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“I have seen the moment
of my greatness flicker/
And I have seen
the eternal Footman
hold my coat, and snicker.”
The Love Song of J. Alfred
Prufrock, T. S. Eliot.
Aging is like slipping into a very cold swimming pool – first the toes, then the knees, finally up to the waist and, with a shiver and grimace, one takes the plunge and swims. After a few minutes, it’s not so bad.
The age of 70 is past mandatory retirement, past the age of helping friends move or showing how agile one is on the monkey bars. It is time to reflect on life, spurred by the sight of youth glued to their cellphones in restaurants.
First of all, I never thought I would live this long. Five years ago the doctors told me that my prostate cancer had metastasized into my bones and I had two years, tops.
My wife and I promptly bought a dog, signed up for cellphone contracts into 2014 and paid $150 for a rolly-bag for a last-hurrah European holiday. I was investing in a future that I would never enjoy.
Then, at an appointment a few days after the blowout holiday, my doctor sat down with us, her brow knit, her expression troubled, her voice hesitant. Here it comes, I thought.
“What have you been doing?” she asked.
“Holidaying,” I said.
“Well, your PSA levels have dropped to normal. Your cancer has gone into remission.”
Hallelujah! It was a scene out of a bad movie that will end, no doubt, with a twist.
When people tell of an acquaintance dying suddenly, they often say, “That’s the way to go.” No, it isn’t. A lot of people complain about dying of cancer (it’s a battle, I hear) but it is an improvement on dying suddenly. You get to settle your affairs, say goodbye to your loved ones and be wheeled into a final performance of Beethoven’s Fifth. To hell with dying suddenly.
My high school days in small-town Cobourg, Ont., were a groundbreaking array of firsts. It was the birth of rock ’n’ roll, the twist and the family car. My dad’s car was a 1957 Chevrolet 283 V-8 hardtop – a classic. The pure adrenalin of driving that big-engine machine down narrow blacktop roads at 160 kilometres an hour in a deadly race for supremacy killed many, and many future citizens were conceived in those backseats.
Oh, I claim some personal crowning achievements, too. In 1963, at the age of 19, I left school and took the train to Vancouver ($50), where I met real beatniks. On the return trip, I think I was the first person to hitchhike from Vancouver to Toronto for pleasure. In 1965, I was one of the first hippies in Vancouver to take LSD. And in the following years I hitchhiked more than 30,000 kilometres, including three times across Canada and down the legendary coastal Highway 1 through Big Sur, Los Angeles and on to Puerto Vallarta, Mexico.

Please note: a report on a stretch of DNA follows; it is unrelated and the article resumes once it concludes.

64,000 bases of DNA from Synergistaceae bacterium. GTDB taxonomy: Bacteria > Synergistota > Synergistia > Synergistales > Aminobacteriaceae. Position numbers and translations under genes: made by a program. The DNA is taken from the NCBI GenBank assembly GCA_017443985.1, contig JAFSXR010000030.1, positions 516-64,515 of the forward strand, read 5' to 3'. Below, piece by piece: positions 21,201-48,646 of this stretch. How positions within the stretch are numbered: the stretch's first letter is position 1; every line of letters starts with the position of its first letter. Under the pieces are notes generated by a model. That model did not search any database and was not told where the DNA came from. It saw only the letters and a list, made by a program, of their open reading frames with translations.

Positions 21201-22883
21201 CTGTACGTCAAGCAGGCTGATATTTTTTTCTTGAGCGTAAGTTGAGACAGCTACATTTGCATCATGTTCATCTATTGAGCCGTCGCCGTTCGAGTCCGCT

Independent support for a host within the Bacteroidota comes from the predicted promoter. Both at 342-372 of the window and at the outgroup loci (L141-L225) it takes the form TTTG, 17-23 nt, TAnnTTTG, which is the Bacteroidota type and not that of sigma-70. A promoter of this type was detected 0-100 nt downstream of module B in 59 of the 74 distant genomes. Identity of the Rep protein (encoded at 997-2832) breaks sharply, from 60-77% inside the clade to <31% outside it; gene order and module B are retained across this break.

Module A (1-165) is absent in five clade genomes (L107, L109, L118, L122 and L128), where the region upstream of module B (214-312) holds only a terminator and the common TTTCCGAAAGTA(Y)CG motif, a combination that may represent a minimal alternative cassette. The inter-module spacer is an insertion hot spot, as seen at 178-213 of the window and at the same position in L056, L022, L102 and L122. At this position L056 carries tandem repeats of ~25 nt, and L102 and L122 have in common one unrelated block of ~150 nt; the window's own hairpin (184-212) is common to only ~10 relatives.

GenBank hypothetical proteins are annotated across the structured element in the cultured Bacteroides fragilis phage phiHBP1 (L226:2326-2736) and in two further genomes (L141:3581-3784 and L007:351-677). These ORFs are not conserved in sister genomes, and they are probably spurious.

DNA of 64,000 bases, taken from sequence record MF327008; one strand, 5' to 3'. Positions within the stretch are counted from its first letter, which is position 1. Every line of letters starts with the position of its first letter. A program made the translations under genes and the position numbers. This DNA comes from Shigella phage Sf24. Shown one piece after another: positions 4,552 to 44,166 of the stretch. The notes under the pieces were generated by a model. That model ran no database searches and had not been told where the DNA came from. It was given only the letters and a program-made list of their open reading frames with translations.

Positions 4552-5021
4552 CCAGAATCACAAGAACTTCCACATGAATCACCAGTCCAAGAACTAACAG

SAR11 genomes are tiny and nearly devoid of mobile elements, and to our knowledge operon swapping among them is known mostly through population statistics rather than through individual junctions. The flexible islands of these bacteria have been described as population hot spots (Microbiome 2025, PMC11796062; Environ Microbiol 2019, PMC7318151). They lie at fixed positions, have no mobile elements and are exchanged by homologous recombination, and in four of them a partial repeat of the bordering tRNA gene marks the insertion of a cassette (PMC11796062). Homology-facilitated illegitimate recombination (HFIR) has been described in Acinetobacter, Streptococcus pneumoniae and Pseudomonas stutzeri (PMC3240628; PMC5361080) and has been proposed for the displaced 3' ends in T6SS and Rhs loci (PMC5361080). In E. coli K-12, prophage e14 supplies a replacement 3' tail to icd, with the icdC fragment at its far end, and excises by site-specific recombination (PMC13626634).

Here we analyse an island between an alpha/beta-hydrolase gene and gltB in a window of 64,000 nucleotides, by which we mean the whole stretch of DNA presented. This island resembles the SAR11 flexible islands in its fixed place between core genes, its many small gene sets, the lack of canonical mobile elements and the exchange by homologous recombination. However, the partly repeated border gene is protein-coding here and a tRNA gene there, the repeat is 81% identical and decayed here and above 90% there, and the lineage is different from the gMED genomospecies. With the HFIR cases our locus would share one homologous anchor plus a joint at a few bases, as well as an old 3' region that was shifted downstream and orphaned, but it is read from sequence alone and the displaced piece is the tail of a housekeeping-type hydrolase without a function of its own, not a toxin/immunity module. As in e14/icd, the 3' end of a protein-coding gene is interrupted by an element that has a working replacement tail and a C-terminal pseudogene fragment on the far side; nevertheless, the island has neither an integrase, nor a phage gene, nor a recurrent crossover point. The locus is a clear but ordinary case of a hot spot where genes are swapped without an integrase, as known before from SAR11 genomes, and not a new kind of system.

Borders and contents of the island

I held jobs as diverse as staking claims for a copper mine in northern British Columbia to teaching English for Berlitz in Heidelburg, Germany.
The idea of keeping a job never occurred to me.
Those were the days of free love, free love-ins and free anti-war demonstrations backdropped by Bob Dylan, the Beatles, the Doors, the Dead and copious amounts of marijuana. It climaxed with the end of the Vietnam War, and, for a final flourish, the 1989 fall of the Berlin Wall, for which my generation set the stage.
But then real life took hold. A degree in English introduced me to thousands of jobs (at the time I was unaware there is a thin line between thousands of jobs and no jobs). But plunging ahead with giddy uncertainty, I got fired from my first job as a copy writer for the Sears catalogue.
I have since had a career as a highly unsuccessful writer. My bookshelf sags under the weight of unpublished novels and plays. Drawers are filled with clippings of newspaper and magazine articles yellowed with age. In my decade-long career as a theatre critic, I sat through more productions than hot meals.
My personal life pulsated with variety. Several wives, one child and many interim girlfriends attest to that. At the age of 60, I finally found love. Had I known in my youth that I would have to wait so long, I might have quit. But success late in life is sweet.
So, today I am looking around at people standing in the street staring at their phones or thumbing them like some casino dealer. There are no big causes, no big ideas, no exciting cars and the music sucks.
Youth are worried about job security and whether they will ever be able to afford a house. Hipsters are a shadowy group that still emulates some Sixties values – art, coffee houses, vinyl records – but they are also obsessed with tiny computers and cellphones.
Electronics is the big story of the day, and although some people are concerned that business and government are tracking their tastes and travels, why worry? We are nothing but consumers now.
While I am disappointed that there are no big issues, I write this article on a computer, check my facts on Wikipedia and visit my friends by e-mail.
The Internet is my eternal Footman.
Randy Brown lives in Toronto.